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DPChallenge Forums >> Current Challenge >> What qualifies as "inanimate"
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11/12/2014 04:57:18 PM · #1
OK, I know the dictionary definition. But is a dead butterfly "inanimate"? According to Webster it is...

a: not endowed with life or spirit <an inanimate object> b: lacking consciousness or power of motion <an inanimate body>

...but I suspect it will get a lot of DNMC votes.
11/12/2014 04:59:45 PM · #2
Did you read the details?????

The challenge description is VERY clear about this:

Challenge Details: We do lots of macro challenges, and the bugs seem to win 'em all. So NO bugs! NO animals! NO flowers, NO ferns! NO THING alive!

Rocks, glass, sand, metal, plastic, OBJECTS is the ticket here. Explore the inanimate world up close and personal.

Sounds like NO BUGS to me :-)
11/12/2014 05:04:04 PM · #3
Originally posted by Beetle:

Did you read the details?????

The challenge description is VERY clear about this:

Challenge Details: We do lots of macro challenges, and the bugs seem to win 'em all. So NO bugs! NO animals! NO flowers, NO ferns! NO THING alive!

Rocks, glass, sand, metal, plastic, OBJECTS is the ticket here. Explore the inanimate world up close and personal.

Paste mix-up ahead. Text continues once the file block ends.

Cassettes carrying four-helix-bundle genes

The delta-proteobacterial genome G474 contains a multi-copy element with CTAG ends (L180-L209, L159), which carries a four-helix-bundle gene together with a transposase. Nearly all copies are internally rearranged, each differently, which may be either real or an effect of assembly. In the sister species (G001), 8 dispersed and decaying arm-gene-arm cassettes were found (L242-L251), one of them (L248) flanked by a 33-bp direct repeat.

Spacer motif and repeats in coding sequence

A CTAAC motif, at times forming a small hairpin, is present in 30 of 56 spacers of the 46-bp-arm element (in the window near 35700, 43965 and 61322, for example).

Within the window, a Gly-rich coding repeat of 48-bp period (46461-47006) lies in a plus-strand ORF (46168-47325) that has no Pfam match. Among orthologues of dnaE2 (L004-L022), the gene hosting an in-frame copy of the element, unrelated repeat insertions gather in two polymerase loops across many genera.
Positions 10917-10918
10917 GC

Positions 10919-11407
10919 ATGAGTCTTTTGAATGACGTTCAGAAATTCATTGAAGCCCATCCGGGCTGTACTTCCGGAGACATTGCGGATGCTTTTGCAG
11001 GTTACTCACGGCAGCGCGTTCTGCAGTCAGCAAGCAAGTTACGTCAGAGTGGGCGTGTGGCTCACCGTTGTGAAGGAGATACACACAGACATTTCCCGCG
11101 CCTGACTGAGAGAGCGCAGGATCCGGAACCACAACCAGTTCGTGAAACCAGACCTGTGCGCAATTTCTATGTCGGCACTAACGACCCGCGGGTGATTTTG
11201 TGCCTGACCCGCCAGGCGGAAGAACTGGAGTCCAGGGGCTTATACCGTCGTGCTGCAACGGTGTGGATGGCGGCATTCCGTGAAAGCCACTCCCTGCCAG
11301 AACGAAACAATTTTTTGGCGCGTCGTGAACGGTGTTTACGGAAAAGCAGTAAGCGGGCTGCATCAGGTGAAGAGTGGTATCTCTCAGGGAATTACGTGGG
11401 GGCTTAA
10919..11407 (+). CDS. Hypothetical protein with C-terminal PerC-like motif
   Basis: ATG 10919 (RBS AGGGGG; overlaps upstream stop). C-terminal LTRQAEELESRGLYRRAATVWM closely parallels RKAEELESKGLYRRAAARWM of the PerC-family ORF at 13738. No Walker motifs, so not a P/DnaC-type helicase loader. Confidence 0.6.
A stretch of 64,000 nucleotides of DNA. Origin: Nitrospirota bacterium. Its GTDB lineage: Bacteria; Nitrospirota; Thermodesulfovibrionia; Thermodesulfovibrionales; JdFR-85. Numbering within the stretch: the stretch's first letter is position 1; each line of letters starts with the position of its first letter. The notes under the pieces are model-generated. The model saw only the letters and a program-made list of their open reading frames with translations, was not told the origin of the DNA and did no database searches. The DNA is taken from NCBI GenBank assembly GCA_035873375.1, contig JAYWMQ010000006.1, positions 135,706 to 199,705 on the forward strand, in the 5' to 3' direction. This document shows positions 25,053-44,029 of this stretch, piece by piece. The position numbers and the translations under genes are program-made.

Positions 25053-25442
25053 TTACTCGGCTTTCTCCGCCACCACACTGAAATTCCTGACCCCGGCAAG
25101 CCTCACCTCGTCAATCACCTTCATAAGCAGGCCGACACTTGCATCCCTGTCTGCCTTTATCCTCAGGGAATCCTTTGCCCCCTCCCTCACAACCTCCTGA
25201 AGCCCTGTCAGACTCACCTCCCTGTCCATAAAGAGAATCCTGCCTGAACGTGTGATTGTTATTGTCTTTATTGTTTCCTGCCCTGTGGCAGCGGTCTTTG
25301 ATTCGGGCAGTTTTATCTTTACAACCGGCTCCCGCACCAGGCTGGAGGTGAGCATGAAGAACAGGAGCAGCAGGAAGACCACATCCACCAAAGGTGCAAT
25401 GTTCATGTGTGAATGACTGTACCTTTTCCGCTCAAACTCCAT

Sounds like NO BUGS to me :-)


But.........is a dead bug still a bug?
11/12/2014 05:07:27 PM · #4
dear mr hippie, you need to get out more.
11/12/2014 05:22:47 PM · #5
This is further clarified by "Extra Rules: Shots of currently living or once living things may be disqualified."
11/12/2014 05:29:37 PM · #6
hey, is someone fed up or what? I vacillate between the cavillers and the righteous: when is a bug not a bug? And what about bones/ossified poop/carbon products? oy, what a mangled thought we sire when of entomony we tire...
11/12/2014 05:30:52 PM · #7
IMNSHO, if it ever had a pulse and/or any type of life-giving fluid flowing through its veins, and thus capable of growth and reproduction, it's a total DNMC.

So, I will NOT be entering a shot of, say, a steak or a bone, because they came from a once-living animal. Same with dead/dried flowers and the like. I won't be entering a still life featuring hay, either, as hay is dried grass. Ditto for the moult of a horseshoe crab, etc.

You dig?